Opinions from historiansSee all occupations
Yuval Noah Harari, Israeli historian and professor at the Hebrew University of JerusalemAmerican isolationism, British isolationism and the disruption and disintegration of a rule-based international system could ignite even more dangerous nuclear arms race between many more countries. If Germany no longer can trust the USA and Britain to back to Germany in case of confrontation with the Russians, then the Germans will say: hey, we now need nuclear weapons of our own. We can no longe... See More
Yuval Noah Harari, Israeli historian and professor at the Hebrew University of JerusalemI try to change the public conversation and focus the debate on what I think are the most important challenges: nuclear war, the ecological crisis and the dangers of disruptive technology, especially AI and bioengineering. They focus on things like terrorism, immigration or the structure of the EU trade agreements, which are important, we do need to think about it and take care of it, but this ... See More
Yuval Noah Harari, Israeli historian and professor at the Hebrew University of JerusalemIn the 19th century, a few countries industrialized first and then conquered the whole world. It can happen again with AI. At present, China and the US are leading the AI arms race and if we aren't careful, we will see a new wave of kind of data colonialism that many countries become just data colonies. If you have enough data you don't need to send soldiers. Just imagine what the situation... See More
Yuval Noah Harari, Israeli historian and professor at the Hebrew University of JerusalemMost people tend to overestimate human beings. In order to replace most humans, the AI won't have to do very spectacular things. Most of the things the political and economic system needs from human beings are actually quite simple. We earlier talked about driving a taxi or diagnosing a disease. This is something that AI will soon be able to do better than humans even without consciousness, even w... See More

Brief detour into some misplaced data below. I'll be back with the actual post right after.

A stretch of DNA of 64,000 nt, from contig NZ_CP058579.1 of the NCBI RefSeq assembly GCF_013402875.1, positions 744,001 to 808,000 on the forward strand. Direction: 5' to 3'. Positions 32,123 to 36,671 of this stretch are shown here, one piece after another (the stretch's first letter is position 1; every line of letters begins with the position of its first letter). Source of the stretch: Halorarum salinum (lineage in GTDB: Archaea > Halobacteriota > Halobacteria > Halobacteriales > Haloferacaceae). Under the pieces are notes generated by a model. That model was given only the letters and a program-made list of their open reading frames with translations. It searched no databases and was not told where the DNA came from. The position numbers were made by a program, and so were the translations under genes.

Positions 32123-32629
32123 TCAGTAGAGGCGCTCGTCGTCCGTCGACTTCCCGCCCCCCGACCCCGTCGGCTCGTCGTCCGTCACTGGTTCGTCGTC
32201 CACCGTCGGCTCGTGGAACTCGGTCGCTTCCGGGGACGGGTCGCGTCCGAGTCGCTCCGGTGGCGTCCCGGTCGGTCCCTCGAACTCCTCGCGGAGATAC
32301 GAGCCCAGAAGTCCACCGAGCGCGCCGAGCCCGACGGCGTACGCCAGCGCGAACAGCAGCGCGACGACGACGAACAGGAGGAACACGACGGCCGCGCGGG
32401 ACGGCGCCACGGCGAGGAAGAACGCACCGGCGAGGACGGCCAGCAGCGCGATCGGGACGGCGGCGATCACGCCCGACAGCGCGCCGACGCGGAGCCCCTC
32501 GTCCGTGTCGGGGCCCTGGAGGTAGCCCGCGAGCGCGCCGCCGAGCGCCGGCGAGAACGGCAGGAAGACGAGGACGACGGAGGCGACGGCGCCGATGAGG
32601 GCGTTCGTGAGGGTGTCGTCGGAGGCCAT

Yuval Noah Harari, Israeli historian and professor at the Hebrew University of Jerusalem
disagrees Basic IncomePaying people not to work will only increase inequality and rancor. [...] If universal basic income is aimed to improve the objective conditions of the average person in 2050, it has a fair chance of succeeding. But if it is aimed to make people subjectively more satisfied with their lot in order to prevent social discontent, it is likely to fail.
Michael Copps, Democrat, former FCC commissioner
agrees Net neutrality[Without net neutrality] our civic dialogue—the news and information upon which a successful self-governing society depends upon—would be further eroded. Telecom and media consolidation [will be] wreaked havoc with investigative journalism and [will have] turned political campaigns into a crass reality show and our “news” into bottom-feeding infotainment. I don’t believe democracy can survive on s... See More
Lord Robert Skidelsky, EconomistAn unconditional basic income would make part-time work a possibility for many who now have to work full-time at minimum wages; it would also start to give all workers the same choice as to how much to work, and under what conditions, as is now possessed by owners of substantial capital.
Timothy Garton Ash, Professor of European Studies at Oxford UniversityFaced with rising superpowers like China... as well as old ones like Russia, clearly 500 million people have a lot more clout than just us… [leaving] would make Europe much weaker… Vladimir Putin would be laughing all the way to the rest of the Ukraine.
Chris Grayling, Leader of the House of Common, Member of Parliament for Epsom and EwellI do not believe that we can currently within the EU protect our national interest. Increasingly we are simply passing laws that have been introduced in Brussels which we often disagree with which are seldom in our national interest.
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